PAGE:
Death Wish (1974 USA)

Few motion pictures have the notoriety of Death Wish: short sharp slabs of repulsive, sadistic violence that linger in the memory along with a theme–if you like the film then you must be an advocate of fascist exploitation cinema, or if you don’t like it then you are a bleeding heart liberal. Critics of the time hated the picture, calling it irresponsible for advocating vigilantism. What the critics of the time failed to see, as the film became a huge commercial success, was that they had the luxury to sit in their comfy secure high rise apartments as the people of the streets lived in fear of stepping outside their homes. At least in large cities like New York. [Read more…]

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The Chronicles of Narnia: The Lion The Witch And The Wardrobe (2005)

The Chronicles of Narnia is a film that couldn’t have been made in the 20th century effectively – it relies so heavily on special effects and digital tricks that even attempting to make it without all the digital trickery would have resulted in a B-film, regardless of its budget. With his experience as the special effects guy on several of the Batman films, director and producer Andrew Adamson did manage to put together one hell of a display. With all the visual do-goodery in place, and one of the best stories ever told to drive it forward, there wasn’t a lot to make the Witch and the Wardrobe fail… And of course, it doesn’t. [Read more…]

American Made (2017)

Mr Show Pony himself, Tom Cruise, is here recycling his usual mannerisms – the grin, the hand gestures – even revisiting his own cinematic past as a pilot. Yet this time around his showboating is not meant to be wholly admired. Originally, Cruise was liked by the public, then fell out of the public’s good graces for some reasons…sofa jumping on Oprah, shilling for a cult, suing gay porn star after gay porn star until they were pauperized…but now, due to his skill as an actor, he is conditionally liked again. Director Doug Liman, having directed The Bourne Identity and Cruise in Edge of Tomorrow, knows a thing or two about fast pace, intrigue, and the limits of idealism. And American Made really is American made! Amazing. [Read more…]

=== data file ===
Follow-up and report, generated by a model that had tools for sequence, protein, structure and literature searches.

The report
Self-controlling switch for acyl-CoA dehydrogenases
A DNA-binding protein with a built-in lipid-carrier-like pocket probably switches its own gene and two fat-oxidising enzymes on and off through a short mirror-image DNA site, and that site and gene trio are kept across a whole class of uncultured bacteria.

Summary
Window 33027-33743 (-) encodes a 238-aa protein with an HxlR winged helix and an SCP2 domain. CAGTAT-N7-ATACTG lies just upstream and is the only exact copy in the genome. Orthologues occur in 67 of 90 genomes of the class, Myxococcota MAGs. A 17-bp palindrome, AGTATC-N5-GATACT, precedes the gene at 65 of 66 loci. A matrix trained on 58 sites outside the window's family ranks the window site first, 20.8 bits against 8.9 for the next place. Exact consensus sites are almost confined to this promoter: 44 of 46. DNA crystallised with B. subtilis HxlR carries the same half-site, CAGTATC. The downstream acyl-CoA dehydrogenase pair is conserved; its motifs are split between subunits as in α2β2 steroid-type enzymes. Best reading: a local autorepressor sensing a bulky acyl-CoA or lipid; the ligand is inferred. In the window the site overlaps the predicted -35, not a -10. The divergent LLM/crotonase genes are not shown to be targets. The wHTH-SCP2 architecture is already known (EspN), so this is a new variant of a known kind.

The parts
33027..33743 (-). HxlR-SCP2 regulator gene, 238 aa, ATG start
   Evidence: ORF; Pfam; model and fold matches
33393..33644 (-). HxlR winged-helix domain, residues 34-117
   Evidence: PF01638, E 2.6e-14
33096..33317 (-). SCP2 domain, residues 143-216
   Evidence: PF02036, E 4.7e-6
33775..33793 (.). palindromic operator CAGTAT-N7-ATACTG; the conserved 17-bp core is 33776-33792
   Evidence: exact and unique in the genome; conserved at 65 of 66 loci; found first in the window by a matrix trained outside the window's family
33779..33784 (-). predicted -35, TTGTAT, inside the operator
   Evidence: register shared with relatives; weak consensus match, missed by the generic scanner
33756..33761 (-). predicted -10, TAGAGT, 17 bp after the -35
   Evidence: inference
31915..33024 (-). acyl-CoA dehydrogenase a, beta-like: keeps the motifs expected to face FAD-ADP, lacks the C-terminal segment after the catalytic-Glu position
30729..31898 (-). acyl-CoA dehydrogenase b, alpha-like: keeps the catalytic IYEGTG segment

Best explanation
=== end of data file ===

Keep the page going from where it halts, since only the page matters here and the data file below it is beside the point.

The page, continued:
Seven Samurai (1954 Japan)

One of the greatest motion pictures ever made, Akira Kurosawa’s Seven Samurai is crafted with such grace, passion and dedication that every moment of its 207 minutes running time seems relevant to the plot, and it never feels overlong. Brought to life with remarkable control and composure, this sustains its grip on the viewer with effortless ease. Seven Samurai has inspired and influenced countless films and filmmakers over the years yet has never been bettered. This unfolds almost like a documentary, giving us every piece of the grand puzzle. [Read more…]

Dick Tracy (1990 United States)

Warren Beatty carries a lot of baggage for me. I don’t mean that literally. But he’s one of those actors that trigger my harsh judgments. When his career was flagging, like his dwindling youth, he tried to assume the mantle of an ‘intellectual’, hoping to hoodwink the public and media with pretentious crap like Reds. In reality he suffers from egomania and satyriasis. As for this production, I don’t need to Google if Warren dipped his wick in Madonna when the work day was over. Or if she sucked on his twitching lollipop. I just assume this happened. The two of them are so obvious. He could no more control himself (Warren Beatty is the epitome of the working stiff) than the slag heap could at this stage in her career. Is she a ho? Lets just say the last time she felt ‘like a virgin’ would have been in her mother’s womb. [Read more…]

The Lost World: Jurassic Park 2 (1997)